A volcanic eruption is terrifying on its own, but we just learned that, even more terrifyingly, the avalanche of hot rocks, ash, and gas that volcanoes spew can spawn giant tornado-like twisters.
This was caught on video after a pyroclastic flow from Mount Sinabung, a volcano in Indonesia that’s recently started spewing again after more than 400 years of dormancy.
Sinabung erupted again in September 2013, and has been sporadically erupting since.
The most recent eruption in January was by far the most violent and devastating to the Indonesian villages near the base of the volcano.
On Feb. 1, the lava dome from the last eruption swelled so large that it eventually collapsed from the pull of gravity. The collapse generated what’s called a pyroclastic flow — a devastating avalanche of hot rocks and gas that destroys everything in its path.
The hot ash rises off the pyroclastic flow like this:
The ash warms the air above it. That hot air then rises and creates the tornado-like spirals. You can see that they really do look like giant tornadoes firing out of a volcano in the GIF below.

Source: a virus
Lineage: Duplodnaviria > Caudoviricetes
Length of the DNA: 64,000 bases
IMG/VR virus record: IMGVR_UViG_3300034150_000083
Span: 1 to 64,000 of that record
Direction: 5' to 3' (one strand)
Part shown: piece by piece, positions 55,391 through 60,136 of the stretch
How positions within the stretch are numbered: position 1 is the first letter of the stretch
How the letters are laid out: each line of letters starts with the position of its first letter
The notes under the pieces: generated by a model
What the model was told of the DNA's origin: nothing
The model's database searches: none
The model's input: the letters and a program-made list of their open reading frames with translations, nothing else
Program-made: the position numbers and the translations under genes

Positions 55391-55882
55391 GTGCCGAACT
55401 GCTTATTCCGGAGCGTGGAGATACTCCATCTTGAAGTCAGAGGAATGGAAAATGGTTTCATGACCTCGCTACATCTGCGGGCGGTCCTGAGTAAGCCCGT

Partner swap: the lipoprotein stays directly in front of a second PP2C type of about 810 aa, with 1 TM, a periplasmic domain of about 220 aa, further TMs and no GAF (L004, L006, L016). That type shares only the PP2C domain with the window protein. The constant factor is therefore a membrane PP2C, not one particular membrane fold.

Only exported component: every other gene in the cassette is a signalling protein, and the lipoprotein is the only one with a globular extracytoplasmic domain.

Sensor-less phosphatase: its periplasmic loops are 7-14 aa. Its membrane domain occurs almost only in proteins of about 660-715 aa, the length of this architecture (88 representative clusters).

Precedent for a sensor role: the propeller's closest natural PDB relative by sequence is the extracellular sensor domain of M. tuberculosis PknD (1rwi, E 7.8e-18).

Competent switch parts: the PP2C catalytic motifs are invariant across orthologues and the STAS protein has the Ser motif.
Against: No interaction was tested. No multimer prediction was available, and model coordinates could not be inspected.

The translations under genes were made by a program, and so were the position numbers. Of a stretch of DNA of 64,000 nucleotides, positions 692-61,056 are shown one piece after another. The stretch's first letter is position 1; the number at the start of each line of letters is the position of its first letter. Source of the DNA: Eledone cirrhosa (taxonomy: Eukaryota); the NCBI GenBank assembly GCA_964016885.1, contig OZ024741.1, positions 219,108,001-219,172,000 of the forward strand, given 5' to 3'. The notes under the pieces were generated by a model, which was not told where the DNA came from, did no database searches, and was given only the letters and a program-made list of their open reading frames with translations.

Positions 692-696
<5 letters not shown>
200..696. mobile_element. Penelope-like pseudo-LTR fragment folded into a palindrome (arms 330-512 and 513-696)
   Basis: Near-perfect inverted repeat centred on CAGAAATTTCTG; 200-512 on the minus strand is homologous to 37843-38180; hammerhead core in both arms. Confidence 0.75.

But technically speaking they aren’t tornadoes: Normal tornadoes form at the base of the cloud and spiral down to the ground, while the twisters arising from pyroclastic flows are built from the ground up. Fire tornadoes and dust devils form in similar ways.
Pyroclastic flows can reach speeds up to 450 mph and the gas can get as hot as 1,800 degrees. They incinerate anything in their path, and can form these twisters if the conditions are right.
You can watch these crazy pyroclastic flow twisters in action in the video below, uploaded to YouTube by Photovolcanica. The twisters start forming around the one minute mark. We first saw the video on Phil Plait’s Bad Astronomy blog:
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